Zumaville red-carded

2013-06-09 14:00

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Opposition from residents to move and red tape put the brakes on development

The R2 billion “Zumaville” development at President Jacob Zuma’s Nxamalala village has become tangled in red tape and opposition from local residents who face removal.

The environmental impact assessment (EIA) for the Mlalazi-Nkandla smart growth centre, as Zumaville is officially known, has been turned down by the department of environmental affairs.

The basic assessment submitted to the department lacked a waste-management plan and approval to proceed with the project, first mooted in 2010, was withheld.

Sources told City Press this week that the application, now regarded as “stagnant” in planning terms, would have to be done from scratch.

This process will take up to six months, along with a review period of around three months – a major setback for the project that has been dogged by controversy since plans were first put to paper in 2010.

This week, consultants and officials of the department of rural development met with Nxamalala Inkosi Vela Shange and a committee of izinduna from his traditional authority to try and break a deadlock with local people.

The meeting followed a community meeting on Wednesday at which residents of Shange’s area made it clear they were not willing to move out of their homes.

The more than 20 families say they do not want their family graves – some of which are centuries old – uprooted to make way for shops and offices.

Sibusiso “Deebo” Mzobe, Zuma’s cousin and deputy chairperson of the president’s Masibambisane community development initiative, said he expected work on Zumaville to begin by the end of the year.

Mzobe is informally called the “mayor of Zumaville”.

Mzobe said the problems regarding the EIA concerned only “sections” of Zumaville.

“This, of course, can create some delays but things are on track. It is not the whole site that has the EIA problems, just some sections. We are still hoping to be working before the end of the year,” Mzobe said.

He said some residents had opted to move and build new houses outside the Zumaville precinct, while others wanted to stay.

“This is an ongoing process of negotiation.

“We are trying our level best to get a buy-in from the whole community. We are still talking to the people who are affected,” he said.

“The money is there. We just need to address these issues and we can go ahead.”

Riaz Dawjee, the deputy director of rural infrastructure development with the rural development department, said the EIA had not been rejected.

“The complete environmental process undertaken in terms of the EIA regulations of 2010 has not yet been finalised and the basic assessment report must still be reviewed by the department of environmental affairs,” Dawjee said.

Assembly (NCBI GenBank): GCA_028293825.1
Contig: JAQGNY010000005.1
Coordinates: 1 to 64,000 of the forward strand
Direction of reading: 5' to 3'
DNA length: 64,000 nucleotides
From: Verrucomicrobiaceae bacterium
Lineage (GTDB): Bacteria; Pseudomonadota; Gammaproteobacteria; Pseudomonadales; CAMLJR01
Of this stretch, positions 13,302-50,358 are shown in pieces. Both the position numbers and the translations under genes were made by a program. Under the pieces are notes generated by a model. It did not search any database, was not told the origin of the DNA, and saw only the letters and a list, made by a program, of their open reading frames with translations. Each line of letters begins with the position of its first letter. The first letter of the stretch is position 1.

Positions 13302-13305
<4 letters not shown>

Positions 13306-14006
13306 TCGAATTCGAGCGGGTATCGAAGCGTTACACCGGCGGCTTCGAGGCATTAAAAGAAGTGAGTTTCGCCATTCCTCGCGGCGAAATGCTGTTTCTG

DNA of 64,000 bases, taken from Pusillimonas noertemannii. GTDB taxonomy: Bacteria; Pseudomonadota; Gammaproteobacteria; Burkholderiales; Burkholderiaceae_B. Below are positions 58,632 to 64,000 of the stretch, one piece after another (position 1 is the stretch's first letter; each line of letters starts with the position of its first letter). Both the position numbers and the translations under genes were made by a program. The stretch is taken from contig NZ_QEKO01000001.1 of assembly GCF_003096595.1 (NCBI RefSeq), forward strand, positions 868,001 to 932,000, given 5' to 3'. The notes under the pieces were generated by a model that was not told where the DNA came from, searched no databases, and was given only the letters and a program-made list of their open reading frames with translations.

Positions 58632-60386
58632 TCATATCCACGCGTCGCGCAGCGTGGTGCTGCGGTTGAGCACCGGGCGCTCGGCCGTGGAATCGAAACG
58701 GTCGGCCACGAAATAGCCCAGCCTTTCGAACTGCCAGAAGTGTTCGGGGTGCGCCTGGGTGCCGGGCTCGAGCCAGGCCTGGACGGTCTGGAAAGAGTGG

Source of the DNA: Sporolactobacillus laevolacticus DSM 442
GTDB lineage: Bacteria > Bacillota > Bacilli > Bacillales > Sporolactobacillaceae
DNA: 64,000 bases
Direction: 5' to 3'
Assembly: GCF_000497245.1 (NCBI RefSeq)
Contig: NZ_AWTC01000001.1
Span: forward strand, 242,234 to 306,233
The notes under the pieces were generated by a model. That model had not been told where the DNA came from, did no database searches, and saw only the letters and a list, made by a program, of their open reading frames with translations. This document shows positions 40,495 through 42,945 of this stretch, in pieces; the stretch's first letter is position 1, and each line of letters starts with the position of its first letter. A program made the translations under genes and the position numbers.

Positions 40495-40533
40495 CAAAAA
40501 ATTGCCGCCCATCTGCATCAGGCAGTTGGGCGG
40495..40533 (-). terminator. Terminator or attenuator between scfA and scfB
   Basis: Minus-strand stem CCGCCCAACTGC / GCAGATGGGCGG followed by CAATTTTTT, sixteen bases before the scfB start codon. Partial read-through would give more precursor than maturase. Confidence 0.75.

He added that the project required a waste licence, which was currently being applied for.

He said no community members would be moved to accommodate the development.

“The Nkandla smart growth project has at no stage indicated that community members would be required to move.

“In fact, the department has undertaken a detailed land rights investigation to ensure that existing rights are not affected,” Dawjee said.

When City Press visited Nxamalala on Wednesday, Shange’s clan members at the meeting were vocal about the perceived threat to their homes and their resistance to moving.

“We have nothing to say to outsiders and people we don’t know.

“We have held a meeting with Mzobe and made it clear that we don’t want a town here,” one man, who asked not to be named, said during the meeting.

“Let it be clear, that those among us who have no problem with moving are those who have no roots here. They don’t have their loved ones buried here.

“That is why it would be easy for them to up and leave,” said another resident.

Shange told City Press that the majority of the people in the community did not work and they were worried that the proposed development would increase the cost of living.

They were also worried that this new development would bring crime to the area.

Shange said the issue of tombstones was a sensitive one, hence the concern about family graves having to be moved.

“As things stand, there have been no lease agreements signed.

“So we cannot know when the project is planned to commence because we have not reached that stage yet,” said Shange.

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